Disclaimer: I’m no gingerbread expert. It was actually my very first attempt at the real deal, cookie cutters, piping bag and all! And they were so pretty, I couldn’t help but snap heaps of pics to share! So here goes…
It’s the silly season, and as mentioned in my last post, I’d spent a lovely day with friends making and decorating Christmas cookies together. Having never been one to go all out at this time of year (my idea of a great Christmas Day dessert is my heavenly Sour Cream
Cheesecake – to be shared some other day)… but this time I was inspired.
Using my baking Bible, I dutifully mixed up the dough. Although somehow missing the quintessential mixed spice in my pantry, this was easily remedied by adding extra amounts of allspice, cinnamon and nutmeg. Once combined, I found the dough to be quite sticky, and would recommend kneading extra flour in until it feels soft but not sticky. This way, it is sturdy enough to pick up after rolling and cutting. Otherwise, you may end up with what I call ‘dancing stars’ – a little deformed, but still tasty!
My favourite steps by far were the glaze and piping. Painting on the glaze with a pastry brush was just like painting anything (e.g. a picture frame?), and I do like my art and craft! I left the glaze to set overnight before attempting the rest of the decorating.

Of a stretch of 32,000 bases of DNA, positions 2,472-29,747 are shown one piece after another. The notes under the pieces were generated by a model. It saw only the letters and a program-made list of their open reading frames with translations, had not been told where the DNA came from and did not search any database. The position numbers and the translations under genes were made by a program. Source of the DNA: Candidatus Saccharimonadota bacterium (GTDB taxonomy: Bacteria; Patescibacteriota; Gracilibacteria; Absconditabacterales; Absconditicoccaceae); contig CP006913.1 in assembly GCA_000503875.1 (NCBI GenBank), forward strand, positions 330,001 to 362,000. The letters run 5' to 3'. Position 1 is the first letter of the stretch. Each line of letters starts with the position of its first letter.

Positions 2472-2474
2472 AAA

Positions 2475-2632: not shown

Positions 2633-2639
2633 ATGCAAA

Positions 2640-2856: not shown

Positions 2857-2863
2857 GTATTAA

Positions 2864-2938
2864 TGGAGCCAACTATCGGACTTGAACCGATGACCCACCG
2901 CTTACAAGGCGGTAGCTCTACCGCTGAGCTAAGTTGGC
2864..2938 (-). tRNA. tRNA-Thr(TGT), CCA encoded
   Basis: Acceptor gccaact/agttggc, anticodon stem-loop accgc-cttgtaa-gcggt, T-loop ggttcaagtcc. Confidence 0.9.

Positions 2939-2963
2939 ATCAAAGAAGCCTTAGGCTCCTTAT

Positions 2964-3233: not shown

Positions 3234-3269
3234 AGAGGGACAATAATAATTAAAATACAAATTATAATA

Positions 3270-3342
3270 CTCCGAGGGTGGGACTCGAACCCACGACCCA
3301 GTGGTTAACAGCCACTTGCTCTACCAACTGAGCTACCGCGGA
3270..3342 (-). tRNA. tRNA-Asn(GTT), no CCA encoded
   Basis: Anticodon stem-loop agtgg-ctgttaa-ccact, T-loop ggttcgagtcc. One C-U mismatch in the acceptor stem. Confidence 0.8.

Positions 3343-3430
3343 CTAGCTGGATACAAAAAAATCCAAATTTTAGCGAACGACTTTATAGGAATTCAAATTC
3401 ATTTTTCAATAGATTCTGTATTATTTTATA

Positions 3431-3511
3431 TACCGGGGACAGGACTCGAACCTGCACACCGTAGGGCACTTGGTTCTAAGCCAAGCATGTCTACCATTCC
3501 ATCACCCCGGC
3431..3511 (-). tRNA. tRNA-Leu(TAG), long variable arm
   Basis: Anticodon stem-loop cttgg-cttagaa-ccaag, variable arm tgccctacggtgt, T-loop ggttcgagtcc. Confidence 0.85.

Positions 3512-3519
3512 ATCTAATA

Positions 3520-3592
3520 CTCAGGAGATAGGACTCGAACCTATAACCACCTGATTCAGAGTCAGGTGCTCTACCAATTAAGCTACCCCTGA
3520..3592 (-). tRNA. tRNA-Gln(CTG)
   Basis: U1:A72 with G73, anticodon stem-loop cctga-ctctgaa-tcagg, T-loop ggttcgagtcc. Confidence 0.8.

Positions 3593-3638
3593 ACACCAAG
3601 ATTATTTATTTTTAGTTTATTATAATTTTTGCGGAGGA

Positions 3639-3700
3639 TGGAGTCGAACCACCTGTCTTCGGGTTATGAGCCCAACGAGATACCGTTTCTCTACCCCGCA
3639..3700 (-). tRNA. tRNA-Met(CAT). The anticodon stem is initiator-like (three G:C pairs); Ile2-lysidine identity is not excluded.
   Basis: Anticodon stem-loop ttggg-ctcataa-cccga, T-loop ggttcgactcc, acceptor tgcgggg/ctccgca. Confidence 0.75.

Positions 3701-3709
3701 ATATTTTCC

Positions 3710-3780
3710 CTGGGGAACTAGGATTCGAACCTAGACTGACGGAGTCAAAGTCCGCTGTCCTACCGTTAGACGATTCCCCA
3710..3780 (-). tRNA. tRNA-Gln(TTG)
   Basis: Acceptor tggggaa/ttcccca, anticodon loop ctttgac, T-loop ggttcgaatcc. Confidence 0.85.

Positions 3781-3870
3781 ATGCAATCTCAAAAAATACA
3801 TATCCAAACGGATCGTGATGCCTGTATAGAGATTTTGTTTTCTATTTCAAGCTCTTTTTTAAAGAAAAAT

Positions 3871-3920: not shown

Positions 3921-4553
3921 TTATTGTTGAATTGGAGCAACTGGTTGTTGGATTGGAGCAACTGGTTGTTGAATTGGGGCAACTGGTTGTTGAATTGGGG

The piping was a little bit more complicated. Not owning a piping bag presented just a tiny little complication, but one which was soon overcome with a quick Google search and a video on how to make your own piping bag – voila!
Preheat oven to 190°C (375°F/ Gas 5). Lightly grease two baking trays, and line with baking paper.
Sift the flour, baking powder, ground ginger and a pinch of salt into a bowl. Rub in the butter until the mixture resembles fine breadcrumbs, then stir in the sugar. Make a well in the centre, add the egg and treacle and, using a wooden spoon, stir until a soft dough forms. Transfer to a clean surface and knead in extra flour until smooth (and not sticky).
Divide the dough in half and roll out on a lightly floured work surface until 5 mm ( ¼ in) thick. Using various-shaped cutters (hearts, stars or flowers), cut into desired shapes, then transfer to the prepared trays.
Bake in batches for 8 minutes, or until the biscuits are light brown. Cool on the trays for 2-3 minutes, then transfer to a wire rack to cool completely. (If using the biscuits as hanging decorations, use a skewer to make a small hole in each one while still hot.)
To make the glaze, whisk the egg white and lemon juice together until foamy, then whisk in the icing sugar to form a smooth, thin icing. Cover the surface with plastic wrap until needed.
To make the royal icing, lightly whisk the egg white until just foamy, then gradually whisk in enough icing sugar to form a soft icing. Cover the surface with plastic wrap until needed.
Brush a thin layer of glaze over some of the biscuits and leave to set for a few hours, or overnight. Using an icing bag filled with royal icing, decorate the biscuits.
Taken from ‘Baking – a common sense guide’ published by Family Circle (2008)